Rob joined MyBuilder two years ago, and soon realised that the feedback system would force him to up his game. “When you’re working for family, friends, friends of friends, they can say nice things but it’s not always the most honest. When you’re winning work on MyBuilder, that feedback is real. I realised maybe I wasn’t as good as I thought I was – you have to improve.” The feedback for the business still has a negative review from his early efforts, but with more than 100 pieces of positive feedback, he hasn’t let it stand in his way.

Like many setting up their own business, it was a case of long hours and low pay. “I’d do 17 hour days, out on site until it was dark, back to kiss my kids before bed, then out to quote, writing it up before bed, then waking up realising I’d missed something.”

Rob began to build the company, eventually bringing in other people to help. “The best thing I did was take on a guy called Alan, who’s now my business manager. He’d been in the trade for 35 years, and his skills, his ability, they’re brilliant. I used to be annoyed that he was slower than other guys I worked with, but I realised, his jobs never had any snags. It might be a day slower, but it was perfect – never any stress. So I went to him and said, look, I might be the one paying you, but I want you to teach me how to be a good painter and decorator. I was humble. And so for six months, he showed me what he knew. It helped me get better, helped me understand the materials and the techniques, helped me quote on jobs.”

As he says: “You can’t be a great decorator in a few years – you have to do it for years and years, always learning. You end up breathing it.”

 

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A matter of standards

 

The business is now up to 15 men, and Rob hopes to add more in the coming year. “I wouldn’t want it to get too big, because what I’m concerned about is quality,” he said. “I tell the boys, I don’t expect them to have the same faith as me, but I expect them to work to the standards I do.”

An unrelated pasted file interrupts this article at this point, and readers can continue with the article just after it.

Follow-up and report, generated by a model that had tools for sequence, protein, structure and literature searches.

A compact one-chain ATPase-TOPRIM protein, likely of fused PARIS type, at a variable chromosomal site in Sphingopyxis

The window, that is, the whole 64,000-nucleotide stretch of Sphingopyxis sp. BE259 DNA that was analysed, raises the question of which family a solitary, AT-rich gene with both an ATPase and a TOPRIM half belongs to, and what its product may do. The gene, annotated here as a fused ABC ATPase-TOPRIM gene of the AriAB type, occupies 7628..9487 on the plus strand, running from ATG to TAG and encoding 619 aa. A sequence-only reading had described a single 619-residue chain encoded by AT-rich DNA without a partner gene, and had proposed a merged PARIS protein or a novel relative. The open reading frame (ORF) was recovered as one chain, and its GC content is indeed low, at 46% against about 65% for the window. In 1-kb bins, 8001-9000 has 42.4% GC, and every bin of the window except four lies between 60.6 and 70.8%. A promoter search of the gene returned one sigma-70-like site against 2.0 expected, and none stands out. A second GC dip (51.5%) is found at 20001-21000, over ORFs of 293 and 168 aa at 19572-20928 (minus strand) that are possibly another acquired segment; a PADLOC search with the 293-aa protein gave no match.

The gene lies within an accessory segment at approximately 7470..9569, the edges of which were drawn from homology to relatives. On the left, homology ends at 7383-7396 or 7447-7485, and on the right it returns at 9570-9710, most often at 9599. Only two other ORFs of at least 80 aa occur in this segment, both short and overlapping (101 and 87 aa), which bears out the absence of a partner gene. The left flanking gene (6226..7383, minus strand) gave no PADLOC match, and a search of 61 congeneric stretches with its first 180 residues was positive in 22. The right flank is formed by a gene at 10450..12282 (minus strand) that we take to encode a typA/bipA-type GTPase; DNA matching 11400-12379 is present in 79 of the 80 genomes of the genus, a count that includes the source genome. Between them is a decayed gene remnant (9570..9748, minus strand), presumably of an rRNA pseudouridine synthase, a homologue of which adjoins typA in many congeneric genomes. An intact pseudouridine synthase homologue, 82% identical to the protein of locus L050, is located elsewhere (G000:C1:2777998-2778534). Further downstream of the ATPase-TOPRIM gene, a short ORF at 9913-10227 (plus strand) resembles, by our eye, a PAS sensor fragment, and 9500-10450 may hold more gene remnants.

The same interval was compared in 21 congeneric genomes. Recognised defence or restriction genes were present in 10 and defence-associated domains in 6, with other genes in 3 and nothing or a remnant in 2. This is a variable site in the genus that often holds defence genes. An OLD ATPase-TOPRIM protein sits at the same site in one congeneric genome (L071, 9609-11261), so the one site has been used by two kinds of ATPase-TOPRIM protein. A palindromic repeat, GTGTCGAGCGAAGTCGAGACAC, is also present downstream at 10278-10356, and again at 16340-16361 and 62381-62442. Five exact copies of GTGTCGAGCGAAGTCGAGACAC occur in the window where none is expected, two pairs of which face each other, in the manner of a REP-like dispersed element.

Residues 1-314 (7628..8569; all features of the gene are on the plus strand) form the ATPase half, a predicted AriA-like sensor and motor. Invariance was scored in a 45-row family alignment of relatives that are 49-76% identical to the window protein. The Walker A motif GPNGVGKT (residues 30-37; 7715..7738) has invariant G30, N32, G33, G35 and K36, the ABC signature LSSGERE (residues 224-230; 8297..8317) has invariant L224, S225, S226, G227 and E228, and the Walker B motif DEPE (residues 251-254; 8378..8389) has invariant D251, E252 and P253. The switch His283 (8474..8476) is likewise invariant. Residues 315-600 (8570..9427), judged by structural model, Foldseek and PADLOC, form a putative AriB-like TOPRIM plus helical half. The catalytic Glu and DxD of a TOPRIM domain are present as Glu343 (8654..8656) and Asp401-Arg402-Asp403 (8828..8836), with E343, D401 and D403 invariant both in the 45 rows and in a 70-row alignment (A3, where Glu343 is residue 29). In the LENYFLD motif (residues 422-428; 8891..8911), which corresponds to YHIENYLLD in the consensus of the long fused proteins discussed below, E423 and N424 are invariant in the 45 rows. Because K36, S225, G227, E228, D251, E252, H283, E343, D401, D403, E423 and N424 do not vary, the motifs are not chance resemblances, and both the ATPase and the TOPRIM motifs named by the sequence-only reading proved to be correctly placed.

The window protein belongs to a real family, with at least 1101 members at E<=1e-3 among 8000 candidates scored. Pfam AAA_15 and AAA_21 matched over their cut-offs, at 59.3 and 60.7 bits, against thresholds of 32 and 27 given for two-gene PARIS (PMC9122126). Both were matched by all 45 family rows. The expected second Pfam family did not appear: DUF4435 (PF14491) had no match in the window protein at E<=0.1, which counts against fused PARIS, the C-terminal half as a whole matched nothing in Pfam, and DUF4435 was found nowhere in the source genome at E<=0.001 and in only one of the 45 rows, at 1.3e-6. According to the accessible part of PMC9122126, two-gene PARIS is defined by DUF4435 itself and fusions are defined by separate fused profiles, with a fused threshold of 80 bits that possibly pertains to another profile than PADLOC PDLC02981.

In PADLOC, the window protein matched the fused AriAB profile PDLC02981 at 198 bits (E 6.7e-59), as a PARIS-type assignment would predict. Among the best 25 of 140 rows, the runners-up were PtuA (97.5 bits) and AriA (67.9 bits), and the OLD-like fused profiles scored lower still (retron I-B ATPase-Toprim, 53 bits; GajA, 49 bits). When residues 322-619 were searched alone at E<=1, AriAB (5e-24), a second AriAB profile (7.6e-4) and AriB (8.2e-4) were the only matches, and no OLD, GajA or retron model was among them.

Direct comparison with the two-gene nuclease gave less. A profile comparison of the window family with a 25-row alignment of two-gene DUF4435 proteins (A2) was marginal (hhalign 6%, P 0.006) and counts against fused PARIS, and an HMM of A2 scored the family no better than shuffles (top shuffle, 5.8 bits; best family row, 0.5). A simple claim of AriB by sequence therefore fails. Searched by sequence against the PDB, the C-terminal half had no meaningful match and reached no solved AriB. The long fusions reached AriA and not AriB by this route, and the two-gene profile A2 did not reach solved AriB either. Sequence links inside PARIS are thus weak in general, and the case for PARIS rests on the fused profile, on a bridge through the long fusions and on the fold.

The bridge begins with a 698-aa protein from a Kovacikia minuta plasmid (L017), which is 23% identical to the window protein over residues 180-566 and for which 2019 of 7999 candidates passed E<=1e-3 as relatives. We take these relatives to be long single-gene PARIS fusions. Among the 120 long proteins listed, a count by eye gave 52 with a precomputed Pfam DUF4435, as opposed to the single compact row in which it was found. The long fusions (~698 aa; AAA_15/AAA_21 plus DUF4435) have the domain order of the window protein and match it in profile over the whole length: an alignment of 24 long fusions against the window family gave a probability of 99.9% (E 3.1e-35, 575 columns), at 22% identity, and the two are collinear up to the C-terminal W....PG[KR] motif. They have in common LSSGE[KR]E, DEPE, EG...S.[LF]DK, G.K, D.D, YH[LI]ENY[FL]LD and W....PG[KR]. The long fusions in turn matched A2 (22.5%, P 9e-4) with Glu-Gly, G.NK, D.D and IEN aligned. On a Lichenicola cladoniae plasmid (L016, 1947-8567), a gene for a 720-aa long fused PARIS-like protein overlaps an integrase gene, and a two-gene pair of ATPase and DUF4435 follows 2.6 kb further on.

Profits from the business go into supporting the charity, helping both in the local community, and in Malawi. “I’m all about going out into the streets,” Rob said, “I never wanted to be preached at and I still don’t. It’s about helping someone who’s starving with some food, or giving a coat to someone freezing.” In Malawi, the charity is looking to buy land in order to start work on an orphanage, with some of Rob’s team ready to go out and work on the project themselves.

“We went there in April, took some guys from work and it’s changed their life. We took loads of toys and clothes, it was incredible. It broke my heart. I came back and said to my wife, the business isn’t for wealth, for big houses and fast cars, it’s for this.”

The lads will be hands on when it comes to the orphanage: “The standards of construction over there aren’t always great,” Rob laughed. “But we’ll be able to to really do some good there. We do as much as we can. We send out money for the women in the community to buy materials and make bags, which we sell here in the shop, with the profits going back to them. And we sell second-hand clothes in here, with those that don’t sell going directly to the kids there.”

Rob doesn’t make a point of telling homeowners where the money from their jobs will be going, but when it comes up, he says they’re always happy to hear more. “The customers are amazing, so many of them are now friend, they donate, they come and help out.” He always tries to lend a hand where he can where customers are in need – through a contact at Dulux, he has access to discount paints that can be used for worthy causes or sold on to raise money. He’s also happy to hear from any other tradesmen who are keen to help out on charitable projects for worthy causes.

Through Rob’s efforts, both the business and the charity have continued to grow, but he insists it’s still the quality, not the quantity, that matters most. “One thing I always say to my guys is that it’s not the past hundred jobs that matter – it’s the one we’re working on right now.”

 

Advice for tradesmen:

  • Always be willing to learn: “I still meet young guys who come from doing professional qualifications who think they know everything, but they don’t”, Rob said. “When you’re working with people with lots of experience, there’s always something you can take from them.”
  • Prepare accurate quotes: “The biggest source of issues on any job is if there was something in the quote that wasn’t clear,” Rob told us. “A tradesman should lay out everything, materials, hours, who pays for what, so that there can’t be any quibbles.”
  • Think long term: “No one can be great at something overnight,” Rob said. “You have to think about the long term, building your skills and growing the business. It can’t be rushed.”